'Trump voters are ready to declare war with each other' after Capitol riot debacle: GOP pollster
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According to a report in the Washington Post, both Republican members of Congress and voters who backed Donald Trump are starting to see the outgoing president as damaged goods after he incited a riot at the U.S. Capitol that led to five deaths and send lawmakers fleeing for their lives.

Under a headline reading, "As Trump leaves office weakened, Republicans wonder if his wounds are fatal," the Post reports that the Wednesday attack that appalled the country likely damaged any chance the president has of any future in politics with some two-time Trump voters wanting nothing to do with him now.

According to the Post's Phillip Rucker, "In the wake of the mob attack on the Capitol that Trump incited, some allies have abandoned him, many in the business community have shunned him and Twitter took away his social media megaphone. Many Republicans also hold him responsible for losing their Senate majority with last week's twin defeats in Georgia, not to mention their House majority two years ago."

In an interview, Republican strategist Scott Reed admitted that last 60 days of Trump's presidency have been nothing short of a disaster.

"The way he handled himself in the last 60 days has tarnished his reputation and his ability to be a future leader — and by botching the Georgia Senate races, his entire economic agenda is about to get overturned by the Senate," Reed explained. "He's really gone backwards like no one ever would have imagined."

While senior Trump advisor Jason Miller claimed, "President Trump is still the biggest name in American politics and the president is still the leader of the Republican Party. He'll be the most sought-after political endorsement heading into the 2022 midterms," longtime conservative pollster Frank Luntz vehemently disagreed.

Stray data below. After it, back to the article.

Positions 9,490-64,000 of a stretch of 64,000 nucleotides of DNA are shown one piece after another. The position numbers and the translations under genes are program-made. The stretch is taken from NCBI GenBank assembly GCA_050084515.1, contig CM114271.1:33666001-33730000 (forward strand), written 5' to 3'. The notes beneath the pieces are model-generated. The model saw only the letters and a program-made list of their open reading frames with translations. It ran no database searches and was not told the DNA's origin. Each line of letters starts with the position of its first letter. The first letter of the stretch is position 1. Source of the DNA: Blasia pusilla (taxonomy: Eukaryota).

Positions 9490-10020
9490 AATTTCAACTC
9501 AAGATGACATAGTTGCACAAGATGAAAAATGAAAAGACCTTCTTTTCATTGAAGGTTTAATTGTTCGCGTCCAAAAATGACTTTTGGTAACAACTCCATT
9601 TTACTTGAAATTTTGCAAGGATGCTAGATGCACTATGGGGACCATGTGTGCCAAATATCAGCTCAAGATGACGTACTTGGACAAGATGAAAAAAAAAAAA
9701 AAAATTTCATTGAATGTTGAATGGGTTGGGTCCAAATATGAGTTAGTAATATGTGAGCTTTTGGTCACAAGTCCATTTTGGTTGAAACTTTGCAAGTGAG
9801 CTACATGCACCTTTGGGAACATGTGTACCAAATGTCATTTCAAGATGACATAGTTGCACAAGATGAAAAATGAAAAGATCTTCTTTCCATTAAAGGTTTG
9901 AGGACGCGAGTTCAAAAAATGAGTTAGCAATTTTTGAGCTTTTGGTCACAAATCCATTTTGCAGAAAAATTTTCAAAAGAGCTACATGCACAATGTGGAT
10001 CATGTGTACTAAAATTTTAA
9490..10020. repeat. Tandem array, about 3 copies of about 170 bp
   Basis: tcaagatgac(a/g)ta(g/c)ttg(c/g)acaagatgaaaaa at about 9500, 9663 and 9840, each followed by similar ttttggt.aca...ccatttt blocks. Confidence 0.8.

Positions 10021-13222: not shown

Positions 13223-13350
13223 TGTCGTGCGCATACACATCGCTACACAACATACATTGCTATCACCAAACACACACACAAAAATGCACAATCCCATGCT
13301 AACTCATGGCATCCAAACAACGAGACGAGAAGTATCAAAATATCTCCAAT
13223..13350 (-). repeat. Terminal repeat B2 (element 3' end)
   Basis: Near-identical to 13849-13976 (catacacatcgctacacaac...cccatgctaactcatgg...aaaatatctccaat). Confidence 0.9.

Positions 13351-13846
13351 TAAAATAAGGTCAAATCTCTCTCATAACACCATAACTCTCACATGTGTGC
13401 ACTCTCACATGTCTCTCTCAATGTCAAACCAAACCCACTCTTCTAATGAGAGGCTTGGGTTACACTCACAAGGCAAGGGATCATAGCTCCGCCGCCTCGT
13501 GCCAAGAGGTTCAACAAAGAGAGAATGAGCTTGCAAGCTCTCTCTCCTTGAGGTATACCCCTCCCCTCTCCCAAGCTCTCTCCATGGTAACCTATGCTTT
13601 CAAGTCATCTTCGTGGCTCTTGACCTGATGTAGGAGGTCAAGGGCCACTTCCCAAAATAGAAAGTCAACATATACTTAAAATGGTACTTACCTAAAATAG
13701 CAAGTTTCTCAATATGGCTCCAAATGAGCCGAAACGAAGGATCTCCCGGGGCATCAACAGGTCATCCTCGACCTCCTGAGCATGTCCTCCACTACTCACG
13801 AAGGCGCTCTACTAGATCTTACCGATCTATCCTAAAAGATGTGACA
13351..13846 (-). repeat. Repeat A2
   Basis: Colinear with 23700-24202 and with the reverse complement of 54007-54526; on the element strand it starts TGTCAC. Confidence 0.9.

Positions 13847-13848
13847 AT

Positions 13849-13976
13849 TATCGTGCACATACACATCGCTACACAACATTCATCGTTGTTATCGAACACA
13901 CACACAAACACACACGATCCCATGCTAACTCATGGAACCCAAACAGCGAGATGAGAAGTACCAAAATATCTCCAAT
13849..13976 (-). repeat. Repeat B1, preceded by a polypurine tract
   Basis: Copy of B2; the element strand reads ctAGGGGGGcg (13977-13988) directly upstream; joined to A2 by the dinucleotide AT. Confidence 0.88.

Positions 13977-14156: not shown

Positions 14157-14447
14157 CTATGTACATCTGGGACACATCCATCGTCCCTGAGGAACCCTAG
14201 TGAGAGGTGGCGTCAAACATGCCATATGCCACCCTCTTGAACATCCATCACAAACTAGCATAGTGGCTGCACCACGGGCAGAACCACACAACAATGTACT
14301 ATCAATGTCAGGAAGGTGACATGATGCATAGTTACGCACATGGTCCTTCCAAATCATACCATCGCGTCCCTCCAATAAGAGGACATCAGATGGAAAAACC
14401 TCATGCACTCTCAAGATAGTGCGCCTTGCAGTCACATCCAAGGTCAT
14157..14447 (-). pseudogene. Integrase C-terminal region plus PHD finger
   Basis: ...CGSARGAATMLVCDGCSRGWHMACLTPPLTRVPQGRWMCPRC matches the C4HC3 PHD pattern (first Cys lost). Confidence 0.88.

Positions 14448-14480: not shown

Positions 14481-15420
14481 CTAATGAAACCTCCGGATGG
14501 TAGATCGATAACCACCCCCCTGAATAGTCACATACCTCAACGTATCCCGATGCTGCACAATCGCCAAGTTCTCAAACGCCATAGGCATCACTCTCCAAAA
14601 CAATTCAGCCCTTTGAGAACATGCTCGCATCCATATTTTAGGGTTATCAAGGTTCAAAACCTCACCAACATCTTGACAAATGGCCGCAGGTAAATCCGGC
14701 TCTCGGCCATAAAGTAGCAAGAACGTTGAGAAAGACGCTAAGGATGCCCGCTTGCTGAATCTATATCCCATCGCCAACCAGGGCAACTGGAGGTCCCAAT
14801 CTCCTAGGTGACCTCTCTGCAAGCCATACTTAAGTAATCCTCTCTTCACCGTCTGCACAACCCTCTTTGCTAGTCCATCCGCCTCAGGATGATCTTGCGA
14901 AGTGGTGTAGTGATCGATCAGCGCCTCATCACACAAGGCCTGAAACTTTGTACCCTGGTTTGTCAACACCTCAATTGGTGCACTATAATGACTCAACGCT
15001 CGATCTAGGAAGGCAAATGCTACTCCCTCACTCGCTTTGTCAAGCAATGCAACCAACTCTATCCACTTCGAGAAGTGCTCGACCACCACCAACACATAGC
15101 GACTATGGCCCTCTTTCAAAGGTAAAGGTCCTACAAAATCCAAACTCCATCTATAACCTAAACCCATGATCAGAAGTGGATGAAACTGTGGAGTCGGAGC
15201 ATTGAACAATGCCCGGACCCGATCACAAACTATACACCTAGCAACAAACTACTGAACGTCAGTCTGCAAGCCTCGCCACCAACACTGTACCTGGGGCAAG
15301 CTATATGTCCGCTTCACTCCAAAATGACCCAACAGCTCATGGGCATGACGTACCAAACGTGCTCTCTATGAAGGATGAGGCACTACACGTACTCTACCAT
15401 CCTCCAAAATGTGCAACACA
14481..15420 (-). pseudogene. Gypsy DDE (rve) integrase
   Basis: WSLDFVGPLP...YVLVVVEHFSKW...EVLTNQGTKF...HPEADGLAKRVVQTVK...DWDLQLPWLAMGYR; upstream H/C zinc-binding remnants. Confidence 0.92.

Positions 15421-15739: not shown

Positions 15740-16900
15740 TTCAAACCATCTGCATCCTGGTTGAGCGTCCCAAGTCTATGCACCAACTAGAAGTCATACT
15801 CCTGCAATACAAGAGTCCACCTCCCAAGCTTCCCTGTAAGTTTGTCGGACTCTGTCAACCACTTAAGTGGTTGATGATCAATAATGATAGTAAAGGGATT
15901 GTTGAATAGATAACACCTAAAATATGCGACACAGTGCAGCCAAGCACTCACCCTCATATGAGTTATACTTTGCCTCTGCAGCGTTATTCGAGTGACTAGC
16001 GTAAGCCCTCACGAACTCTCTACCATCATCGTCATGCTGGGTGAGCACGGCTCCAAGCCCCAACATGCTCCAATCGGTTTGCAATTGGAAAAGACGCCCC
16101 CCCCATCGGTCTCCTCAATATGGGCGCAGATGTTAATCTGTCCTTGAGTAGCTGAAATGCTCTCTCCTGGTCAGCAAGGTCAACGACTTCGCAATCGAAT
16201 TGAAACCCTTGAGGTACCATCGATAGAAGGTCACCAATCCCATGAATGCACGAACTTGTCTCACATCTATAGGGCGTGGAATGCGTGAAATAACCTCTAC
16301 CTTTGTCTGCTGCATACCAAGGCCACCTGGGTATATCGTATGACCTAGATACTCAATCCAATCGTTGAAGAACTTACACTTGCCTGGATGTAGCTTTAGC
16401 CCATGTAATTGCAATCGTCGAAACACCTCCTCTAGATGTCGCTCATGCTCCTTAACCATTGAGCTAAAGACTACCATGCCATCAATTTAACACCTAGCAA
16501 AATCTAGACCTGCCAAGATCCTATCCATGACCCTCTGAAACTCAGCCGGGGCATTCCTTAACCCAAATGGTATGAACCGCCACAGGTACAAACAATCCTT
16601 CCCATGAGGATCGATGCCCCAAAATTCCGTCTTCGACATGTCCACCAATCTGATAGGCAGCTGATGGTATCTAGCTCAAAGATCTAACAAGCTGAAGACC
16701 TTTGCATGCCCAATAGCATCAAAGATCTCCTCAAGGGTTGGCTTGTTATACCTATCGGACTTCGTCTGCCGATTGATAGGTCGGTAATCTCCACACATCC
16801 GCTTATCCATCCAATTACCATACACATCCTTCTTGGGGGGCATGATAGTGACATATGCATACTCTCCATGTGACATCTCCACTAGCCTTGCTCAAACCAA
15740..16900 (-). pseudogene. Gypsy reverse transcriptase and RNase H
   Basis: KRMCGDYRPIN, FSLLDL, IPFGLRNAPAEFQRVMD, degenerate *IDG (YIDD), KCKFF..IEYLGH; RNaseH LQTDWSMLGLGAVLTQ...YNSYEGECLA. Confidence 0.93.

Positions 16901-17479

Citing a focus group with Trump supporters he conducted the night after the attack that claimed five lives, Luntz stated that Trump voters fall into three categories described as: "those who believe the fact that President-elect Joe Biden won the election and think it's time Trump move on; those who think it was stolen from Trump but he still should move on; and those who think it was stolen and Trump should continue to fight."

Luntz said the fracturing of Trump's base "flabbergasted" him.

"They were very emotional with each other, very harsh with each other," Luntz reported. "This has never happened in a Trump focus group I've done. . . . Trump voters are like single moms with kids. They back each other, they empathize with each other, because they know the stresses and strains they each have. Not anymore. These Trump voters are ready to declare war with each other."

According to Luntz, this is very bad news for Trump if he plans to make another run for the presidency in 2024.

"When you've got a unified force, you can speak to them as their general and motivate them to change their behavior," he elaborated. "But when they have broken down into tribes, it's impossible to deliver a message that reaches everybody. Trump is much less powerful today than he was 72 hours ago."

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